While you can start with a DSLR and move on to dedicated mono cameras, this is not obligatory. I went straight into mono CCD  and I'm quite convinced that this is an easier route to good pictures than the DSLR route. In fact I think it's easier, full stop. I realise that this may be a minority opinion but Ian King gave this advice to me when I started ten years ago and I pass it on because I found it to be good advice. A significant number of the people to whom I offer imaging tuition say that they felt DSLR was a blind alley for them.

CCD is expensive so the only 'cheap' way in is with second hand kit. I would look for a second hand Atik 16HR or 314L with manual filter wheel and HaLRGB filters. These often come up as bundles as people move to bigger chips and electric wheels. The sony chip is very sensitive (fast) and very low in noise. The Atik capture software is blissfully easy to use and Atik are not on the other side of an ocean if you need a repair or adjustment.

The sensitivity and freedom from noise of CCD is marvellous. For a given image quality it is much faster. The small cheap is less demanding of your optical train. Mono imaging is faster than OSC. (This is often misunderstood.) The camera was designed to be used exactly as you intend to use it.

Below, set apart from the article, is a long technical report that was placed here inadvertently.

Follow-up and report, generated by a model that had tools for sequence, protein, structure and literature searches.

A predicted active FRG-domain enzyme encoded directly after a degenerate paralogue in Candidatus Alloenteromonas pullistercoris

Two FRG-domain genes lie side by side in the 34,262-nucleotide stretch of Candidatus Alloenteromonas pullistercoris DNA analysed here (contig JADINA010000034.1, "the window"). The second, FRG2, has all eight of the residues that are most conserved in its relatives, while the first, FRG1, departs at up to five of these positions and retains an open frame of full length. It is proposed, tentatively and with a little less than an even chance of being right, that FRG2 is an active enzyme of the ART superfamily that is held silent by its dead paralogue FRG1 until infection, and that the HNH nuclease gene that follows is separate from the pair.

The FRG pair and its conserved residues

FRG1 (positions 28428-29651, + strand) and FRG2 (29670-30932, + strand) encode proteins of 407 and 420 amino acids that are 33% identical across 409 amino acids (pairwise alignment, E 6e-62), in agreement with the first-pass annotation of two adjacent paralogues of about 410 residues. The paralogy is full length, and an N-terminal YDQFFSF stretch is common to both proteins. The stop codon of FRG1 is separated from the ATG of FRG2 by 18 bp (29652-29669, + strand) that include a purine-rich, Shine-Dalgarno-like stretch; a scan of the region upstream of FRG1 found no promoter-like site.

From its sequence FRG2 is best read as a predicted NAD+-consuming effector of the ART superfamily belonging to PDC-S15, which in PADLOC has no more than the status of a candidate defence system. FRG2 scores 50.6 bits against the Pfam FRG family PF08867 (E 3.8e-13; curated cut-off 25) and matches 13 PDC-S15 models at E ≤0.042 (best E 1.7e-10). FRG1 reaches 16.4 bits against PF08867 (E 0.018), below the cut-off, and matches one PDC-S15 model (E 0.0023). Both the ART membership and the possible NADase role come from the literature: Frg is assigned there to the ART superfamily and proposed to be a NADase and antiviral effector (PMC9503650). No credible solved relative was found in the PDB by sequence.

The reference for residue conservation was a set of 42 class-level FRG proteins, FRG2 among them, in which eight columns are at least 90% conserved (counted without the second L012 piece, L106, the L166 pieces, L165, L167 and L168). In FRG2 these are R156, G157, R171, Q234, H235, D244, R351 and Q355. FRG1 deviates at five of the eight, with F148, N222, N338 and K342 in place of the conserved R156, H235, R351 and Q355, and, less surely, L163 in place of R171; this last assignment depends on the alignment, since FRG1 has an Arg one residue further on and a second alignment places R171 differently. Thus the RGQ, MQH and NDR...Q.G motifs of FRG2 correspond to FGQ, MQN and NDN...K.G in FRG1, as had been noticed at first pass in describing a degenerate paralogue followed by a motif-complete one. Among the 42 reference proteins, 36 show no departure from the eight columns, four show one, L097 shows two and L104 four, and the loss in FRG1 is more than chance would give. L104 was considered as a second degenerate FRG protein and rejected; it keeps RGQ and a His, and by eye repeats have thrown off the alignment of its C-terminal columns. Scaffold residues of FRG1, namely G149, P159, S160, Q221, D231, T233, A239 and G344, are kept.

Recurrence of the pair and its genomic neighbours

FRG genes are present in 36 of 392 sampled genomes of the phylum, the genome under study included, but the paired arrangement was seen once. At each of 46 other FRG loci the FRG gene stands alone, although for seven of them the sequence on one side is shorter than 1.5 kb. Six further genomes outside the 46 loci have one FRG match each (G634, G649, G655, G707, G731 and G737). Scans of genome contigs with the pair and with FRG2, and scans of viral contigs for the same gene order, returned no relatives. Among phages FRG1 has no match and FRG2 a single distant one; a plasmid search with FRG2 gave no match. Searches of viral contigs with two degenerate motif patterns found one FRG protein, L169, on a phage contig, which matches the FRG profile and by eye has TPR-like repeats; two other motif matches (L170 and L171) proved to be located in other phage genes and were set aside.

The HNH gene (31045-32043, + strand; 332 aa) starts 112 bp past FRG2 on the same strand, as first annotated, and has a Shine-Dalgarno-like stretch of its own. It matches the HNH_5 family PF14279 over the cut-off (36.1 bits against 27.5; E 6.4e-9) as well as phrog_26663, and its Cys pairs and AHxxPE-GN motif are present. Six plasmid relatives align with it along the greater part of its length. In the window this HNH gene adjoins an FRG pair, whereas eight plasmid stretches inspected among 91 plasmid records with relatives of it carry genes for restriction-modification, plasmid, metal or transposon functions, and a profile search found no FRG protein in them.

A final point: in DSLR versus CCD debates posters often link to excellent and CCD-like DSLR images. Be sure, when you look at them, to see what scope was used. If it was a super-fast F2.8 Tak Epsilon don't be surprized. MFToet has posted some excellent examples here recently. DSLRs do thrive on very fast optics.

Olly

Thanks I always take good advice. I was already looking at the zwo asi 120mm just as a start I'm like you and I like to get the quality. 

My set up is brand new. Last week my eq6 arrived. I do not have a scope yet as I have not decided what to get. So I'm also open to suggestions there. I'm trying to get something that will work well for imaging but also good for visual. It may not be possible but I'm open to learn and with a little help from above I hope to choose something. 

 

Gerry